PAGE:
"Does it look to you like I have
a cavity in that back tooth?"
Unfortunately, for a long time it has been very hard for anybody to check out: it spent most of the years since its release out of print, only briefly getting a bargain-bin-quality DVD which was clearly sourced from a pan-and-scan laserdisc master. Particularly in the great last act set largely in the film's very impressive catacombs sets – which were lit entirely by candle and flashlight, in a stylistic nod to Kubrick – this subpar quality and cropped-down format did not come close to doing the film justice... and yet the disc was extremely rare anyway. The Resurrected finally got a lavish blu-ray special edition a couple years ago, but the release was from Germany, and was a box-set package limited to 3,000 copies, so it still didn't help the film to become any less rare in its home country. Now at last Scream Factory has rectified this situation, giving this underappreciated film the great, non-limited blu-ray release that it truly deserves.

Scream Factory's disc contains every bit of special features from that fantastic German box set, and then some. Ported over from the German set are an excellent, highly entertaining and informative commentary by two of the film's producers, screenwriter Brent Friedman, co-star Robert Romanus, and special effects artist Todd Masters. They all remember a lot of fascinating, specific details about the film's production, and particularly about working with the late Dan O'Bannon, who comes across as a brilliant, meticulous, creative, but incredibly eccentric and weird guy (Friedman tells, for instance, about how O'Bannon's house had two-foot thick concrete walls, and when Friedman asked why, O'Bannon merely replied, “so they can't get in.”). Also ported over are a series of decently long interviews with Chris Sarandon, Friedman, Masters, production designer Brent Thomas, and composer Richard Band, all of which further give a frankly unexpected level of insight into the production of a film which has hitherto been totally ignored on home video; to say that it is a welcome change of pace is an understatement.

"Hmmm, is the poison in this cup,
or the other cup?"
Rounding out the extras borrowed from the German limited edition are 20 or so minutes of deleted scenes taken from O'Bannon's director's cut workprint. The filmmaker was famously unhappy with how much character development the studio trimmed from the film before its release, so it is great to have these scenes at last available to see, as they really do add a lot to the film. This is especially true of the alternate opening scene for the flashback narrative, which would have provided a perfect introduction to the dynamic between the deadpan Terry and the comic Romanus, re-framing Terry's performance to make it read as less wooden and more like the straight-man half of a double-act. His character is markedly worse because of how the theatrical version of the flashback introduces him instead. That said, the big disappointment about this disc is that these director's workprint sequences are presented just as isolated deleted scenes, and not re-integrated into the film to make a true director's cut. Yes, they are all just VHS quality, but the same was true about the extra footage used for last Halloween's Exorcist III: The Director's Cut, and the hybrid 2K/VHS experience didn't stop that from being the definitive version of the film. The same sort of treatment would have been appreciated here, but just as with the German release, it was not to be. However, Scream Factory has prepared a brand-new 2K remaster of the theatrical version of the film, which is a definite step up from the off-the-shelf, originally-for-Netflix HD master that the German disc used, which was really good, but not this good. The Scream disc also presents new interviews with female lead Jane Sibbett and Lovecraft scholar S.T. Joshi. With this huge volume of extras one might wonder why this release isn't branded as a Collector's Edition and packaged with a slipcase. The only answer I can think of for that question is that most of the extras were licensed from a previous release, albeit one that Americans couldn't easily get. But still, these extras are extensive enough to be worthy of the Collector's Edition banner, and unless another company makes a proper director's cut of the film, this will surely be the definitive release.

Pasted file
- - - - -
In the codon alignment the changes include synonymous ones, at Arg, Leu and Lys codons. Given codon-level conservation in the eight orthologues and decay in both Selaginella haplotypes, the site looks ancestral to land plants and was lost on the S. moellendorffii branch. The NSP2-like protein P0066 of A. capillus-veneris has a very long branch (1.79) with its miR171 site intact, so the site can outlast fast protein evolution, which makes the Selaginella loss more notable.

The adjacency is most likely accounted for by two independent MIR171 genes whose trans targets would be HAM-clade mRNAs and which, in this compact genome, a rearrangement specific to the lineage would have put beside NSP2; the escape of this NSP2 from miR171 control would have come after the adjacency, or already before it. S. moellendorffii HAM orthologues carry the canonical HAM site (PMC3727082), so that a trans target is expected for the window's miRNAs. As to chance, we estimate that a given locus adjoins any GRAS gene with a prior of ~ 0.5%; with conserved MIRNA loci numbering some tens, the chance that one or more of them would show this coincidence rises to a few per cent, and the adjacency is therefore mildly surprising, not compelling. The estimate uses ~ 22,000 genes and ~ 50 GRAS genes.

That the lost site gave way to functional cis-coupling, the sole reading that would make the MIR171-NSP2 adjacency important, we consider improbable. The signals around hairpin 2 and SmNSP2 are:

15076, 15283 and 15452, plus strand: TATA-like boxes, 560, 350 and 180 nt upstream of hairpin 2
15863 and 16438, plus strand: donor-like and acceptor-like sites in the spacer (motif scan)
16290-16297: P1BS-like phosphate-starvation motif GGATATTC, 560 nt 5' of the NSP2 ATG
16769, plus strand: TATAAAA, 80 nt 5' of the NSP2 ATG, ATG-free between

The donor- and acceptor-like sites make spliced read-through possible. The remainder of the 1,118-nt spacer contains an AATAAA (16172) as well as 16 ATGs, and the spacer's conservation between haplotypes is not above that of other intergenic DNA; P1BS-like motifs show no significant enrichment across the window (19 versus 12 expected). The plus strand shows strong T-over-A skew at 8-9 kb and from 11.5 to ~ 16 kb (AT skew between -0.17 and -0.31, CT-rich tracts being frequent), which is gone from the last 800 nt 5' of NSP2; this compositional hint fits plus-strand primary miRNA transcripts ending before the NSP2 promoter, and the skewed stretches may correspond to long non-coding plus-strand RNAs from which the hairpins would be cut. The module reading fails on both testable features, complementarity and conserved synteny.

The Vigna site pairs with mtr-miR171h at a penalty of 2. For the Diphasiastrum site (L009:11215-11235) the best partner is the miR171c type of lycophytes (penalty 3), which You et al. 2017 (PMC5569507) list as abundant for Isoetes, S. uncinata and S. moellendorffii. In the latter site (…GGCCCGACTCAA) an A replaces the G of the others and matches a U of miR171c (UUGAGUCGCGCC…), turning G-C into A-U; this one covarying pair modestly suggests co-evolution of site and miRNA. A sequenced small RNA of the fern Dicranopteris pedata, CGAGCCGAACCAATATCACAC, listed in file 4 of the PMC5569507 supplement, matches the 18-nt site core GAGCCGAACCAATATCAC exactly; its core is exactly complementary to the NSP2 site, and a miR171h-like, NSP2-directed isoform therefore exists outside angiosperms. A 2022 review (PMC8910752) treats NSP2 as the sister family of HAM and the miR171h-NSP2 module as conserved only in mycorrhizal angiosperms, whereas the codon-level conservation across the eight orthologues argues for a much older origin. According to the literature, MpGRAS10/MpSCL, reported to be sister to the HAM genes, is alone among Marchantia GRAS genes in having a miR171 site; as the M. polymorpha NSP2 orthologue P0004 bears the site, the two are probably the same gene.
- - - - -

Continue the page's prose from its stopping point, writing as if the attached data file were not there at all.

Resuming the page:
The film may have a small handful of issues, and it may be a shame that the new blu-ray doesn't try to fix these issues with a restored version of O'Bannon's director's cut, but regardless, The Resurrected stands as one of the best Lovecraft adaptations out there. It certainly is the one that tries the hardest to actually do justice to the source material, and capture the soul of the author's work. This has long been a film that I have recommended to horror fans... with the caveat that they probably couldn't follow my recommendation by actually watching it unless I loaned them my VHS or they had a region-free blu-ray player and some money to burn. Now that Scream Factory has at last given the film its first really good American release, there is no excuse to not add this to your watch list this Halloween. In a world full of public-domain cash-ins and Re-Animator wannabes, this is Lovecraft done right.

-Christopher S. Jordan